For more, see this Fast Company article: Tesla is not normal.
Dilbert creator and for-profit troll Scott Adams tweeted this evening:
This was my reply:
If you read only one article about Scott Adams, it might as well be one with some educational value. That article is Forbes’ Dilbert Creator Scott Adams Is Evil (And Why You Should Follow His Lead), published in June 2018. Yes, Adams is trolling his way to the bank, but what tricks can we learn from him?
- Position yourself as an expert in an obscure area. In Adams’ case, it’s hypnotism. The article says “find an obscure niche that is relevant to your area of expertise but that others haven’t thought to talk about yet. Then claim it as your own. Your competitors won’t know what hit them.”
- Take advantage of the halo effect. “Pinpoint an area in which you’ve already had some success, even if it’s unrelated to your core business. Then, make the case that your success in that area makes you the perfect person to give advice in a more lucrative realm. You’ll be amazed at how often people will fork over money for your words of wisdom without questioning where you got it from.”
- Make bold predictions. “If you’re trying to position yourself as an expert, authority, thought leader, guru, or whatever, it is not enough to talk about what you think about the present. You must also make forecasts about the future. If any one of your predictions is wrong, you may eat a little dirt, but people will ultimately forget about it. But if you manage to hit the mark, you’ll be set for life.”
- Maintain an air of calm bemusement. “It’s a very effective tactic. What this potent brew of poise and disdain does is make it seem like he knows something we don’t. How else could [he] be so self-assured? … Practice doing the same. While it might feel like shouting your ideas passionately into the crowd is the way to go, never underestimate the power of cool. Not only will it get people to follow you, it will make it easier to deal with criticism. In fact, Scott Adams could very well be chuckling dismissively at this article right now.”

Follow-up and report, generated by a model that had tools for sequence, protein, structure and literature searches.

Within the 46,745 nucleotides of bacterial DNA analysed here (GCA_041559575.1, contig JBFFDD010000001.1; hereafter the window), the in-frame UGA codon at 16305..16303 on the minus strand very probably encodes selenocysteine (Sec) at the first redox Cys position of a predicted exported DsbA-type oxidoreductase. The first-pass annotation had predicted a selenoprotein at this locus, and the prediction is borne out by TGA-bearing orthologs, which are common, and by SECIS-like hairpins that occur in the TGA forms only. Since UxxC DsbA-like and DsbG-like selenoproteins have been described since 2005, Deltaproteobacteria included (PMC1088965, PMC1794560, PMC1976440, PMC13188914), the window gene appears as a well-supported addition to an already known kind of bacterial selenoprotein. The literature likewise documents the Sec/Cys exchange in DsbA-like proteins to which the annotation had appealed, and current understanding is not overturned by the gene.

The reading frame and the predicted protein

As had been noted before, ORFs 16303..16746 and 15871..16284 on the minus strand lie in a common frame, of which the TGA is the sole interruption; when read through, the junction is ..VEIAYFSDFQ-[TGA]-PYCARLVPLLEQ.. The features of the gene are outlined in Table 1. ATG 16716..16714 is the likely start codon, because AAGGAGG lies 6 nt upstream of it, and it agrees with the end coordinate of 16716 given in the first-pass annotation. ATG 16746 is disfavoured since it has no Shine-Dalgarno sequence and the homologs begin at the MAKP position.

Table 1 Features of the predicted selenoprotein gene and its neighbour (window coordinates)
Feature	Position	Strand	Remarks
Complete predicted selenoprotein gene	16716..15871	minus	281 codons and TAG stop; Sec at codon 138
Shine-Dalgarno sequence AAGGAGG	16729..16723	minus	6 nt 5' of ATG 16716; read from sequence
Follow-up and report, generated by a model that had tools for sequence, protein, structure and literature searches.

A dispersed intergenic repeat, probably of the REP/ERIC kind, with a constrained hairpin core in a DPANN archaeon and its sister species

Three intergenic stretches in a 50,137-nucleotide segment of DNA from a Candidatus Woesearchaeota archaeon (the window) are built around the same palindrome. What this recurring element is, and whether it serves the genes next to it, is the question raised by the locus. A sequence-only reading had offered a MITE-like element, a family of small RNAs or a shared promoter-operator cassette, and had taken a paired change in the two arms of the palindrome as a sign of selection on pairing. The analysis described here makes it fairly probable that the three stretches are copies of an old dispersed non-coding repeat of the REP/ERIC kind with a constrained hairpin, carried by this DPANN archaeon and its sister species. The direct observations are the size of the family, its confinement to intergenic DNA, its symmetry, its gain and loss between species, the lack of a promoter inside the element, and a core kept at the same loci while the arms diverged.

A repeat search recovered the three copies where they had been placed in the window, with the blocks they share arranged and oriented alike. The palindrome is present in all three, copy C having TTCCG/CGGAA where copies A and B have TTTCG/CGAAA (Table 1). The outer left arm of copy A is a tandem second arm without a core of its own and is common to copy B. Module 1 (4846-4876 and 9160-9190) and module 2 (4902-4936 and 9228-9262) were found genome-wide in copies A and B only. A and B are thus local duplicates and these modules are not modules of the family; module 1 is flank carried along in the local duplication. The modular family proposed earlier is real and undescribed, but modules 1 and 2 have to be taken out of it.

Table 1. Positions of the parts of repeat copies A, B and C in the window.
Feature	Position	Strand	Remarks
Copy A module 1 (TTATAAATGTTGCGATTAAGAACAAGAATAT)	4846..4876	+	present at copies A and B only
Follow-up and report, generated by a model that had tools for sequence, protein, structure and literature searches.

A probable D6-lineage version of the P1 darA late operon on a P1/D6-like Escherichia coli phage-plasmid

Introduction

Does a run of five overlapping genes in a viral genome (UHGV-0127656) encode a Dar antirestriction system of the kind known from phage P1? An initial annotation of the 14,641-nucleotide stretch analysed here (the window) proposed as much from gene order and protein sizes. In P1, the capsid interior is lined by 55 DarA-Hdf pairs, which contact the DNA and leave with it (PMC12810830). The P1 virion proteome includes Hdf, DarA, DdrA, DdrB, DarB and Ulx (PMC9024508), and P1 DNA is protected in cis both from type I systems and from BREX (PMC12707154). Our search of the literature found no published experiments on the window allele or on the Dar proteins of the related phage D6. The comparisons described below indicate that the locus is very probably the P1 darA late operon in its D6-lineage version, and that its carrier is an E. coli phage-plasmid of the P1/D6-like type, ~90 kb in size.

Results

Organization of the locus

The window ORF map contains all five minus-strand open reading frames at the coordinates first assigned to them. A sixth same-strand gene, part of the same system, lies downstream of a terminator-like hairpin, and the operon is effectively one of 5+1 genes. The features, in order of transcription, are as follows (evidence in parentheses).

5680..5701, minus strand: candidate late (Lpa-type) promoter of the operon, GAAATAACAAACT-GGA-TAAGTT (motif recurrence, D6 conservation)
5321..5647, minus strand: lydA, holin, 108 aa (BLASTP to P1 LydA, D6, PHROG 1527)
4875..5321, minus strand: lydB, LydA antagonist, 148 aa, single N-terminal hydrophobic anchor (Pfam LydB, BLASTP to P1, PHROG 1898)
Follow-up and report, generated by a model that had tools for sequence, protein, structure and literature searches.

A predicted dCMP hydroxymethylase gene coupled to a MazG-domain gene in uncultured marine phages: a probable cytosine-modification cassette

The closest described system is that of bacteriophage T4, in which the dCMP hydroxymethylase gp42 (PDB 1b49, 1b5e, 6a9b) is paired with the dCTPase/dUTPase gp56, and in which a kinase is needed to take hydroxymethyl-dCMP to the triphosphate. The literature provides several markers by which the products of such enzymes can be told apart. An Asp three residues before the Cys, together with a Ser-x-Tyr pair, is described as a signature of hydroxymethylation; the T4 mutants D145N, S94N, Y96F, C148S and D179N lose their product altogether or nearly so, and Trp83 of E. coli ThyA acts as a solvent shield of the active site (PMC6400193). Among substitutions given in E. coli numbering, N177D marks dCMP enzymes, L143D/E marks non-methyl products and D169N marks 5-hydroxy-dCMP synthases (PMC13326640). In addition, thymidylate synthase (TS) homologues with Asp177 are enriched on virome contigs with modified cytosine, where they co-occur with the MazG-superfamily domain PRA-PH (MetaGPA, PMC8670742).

Recommended Scott Adams-related reading
Warning: This way lies madness.
- Scott Adams’ entry on RationalWiki: “Scott Adams (born 1957) is a “trained hypnotist” and cartoonist known for Dilbert, a long-running satirical comic strip about a white-collar office worker in America. His blog, which is currently a fascinating study of a man going insane, attracted some major media attention during the 2016 election. Long before that, he advanced a number of crank positions, including questioning evolution, and the validity of the fossil record. He has appeared on InfoWars, further cementing his genius IQ.”
- Comics Alliance, March 2011: ‘Dilbert’ Creator Scott Adams Compares Women Asking for Equal Pay to Children Demanding Candy. Adams joins the mens’ rights activists.
- Salon, Jube 2016: Dilbert has gone fascist: The strange unrequited love Scott Adams seems to have for Donald Trump.
- The Outline, February 2017: Dilbert Creator Scott Adams is the Worst Blogger. Part of a series of articles on bad guys, which includes Martin “Pharma Bro” Shkreli.
- The Atlantic, August 2017: Scott Adams’s Nihilistic Defense of Donald Trump. “If Adams truly is the most formidable defender of the Trump presidency, then the best defense of the president is grounded in corrosive moral nihilism.”
- Bloomberg, March 2017: How Scott Adams Got Hypnotized by Trump. In Trump, he sees a master manipulator who likes to yank people’s chains for his own benefit — and a kindred spirit. It also features another kindred spirit: Adam’s then-new and unsurprisingly-young (she’s 30; he’s 60) girlfriend (they’d been dating 3 months at that point), who’s an Instagram-famous model.
- InfoWars, April 2018: Scott Adams: Kanye West and Dennis Rodman remind us that freedom of speech empowers everybody. I’m not linking to InfoWars — you’ll have to Google that one yourself.
- Splinter, April 2018: Kanye West Appears to Be Joining Forces With a Bunch of America’s Worst Conservative Demons. Adams is one of them.
- And finally, there’s MRA Dilbert, in which Scott Adams’ words are laid over Scott Adams’ comics. The result is quite good:
Oh, Tomi. That’s even more embarrassing than being a fierce critic of the Affordable Care Act (a.k.a. “Obamacare”), yet having to admit in a 2017 interview that you benefited from it.
At the age of 24, although she was apparently earning her own money, she was still on her parents’ insurance plan, and Obamacare lets you stay on Mom and dad’s plan until you’re 26. That’s “pull yourself up by your own bootstraps” conservatism for you: do as I say, not what I do.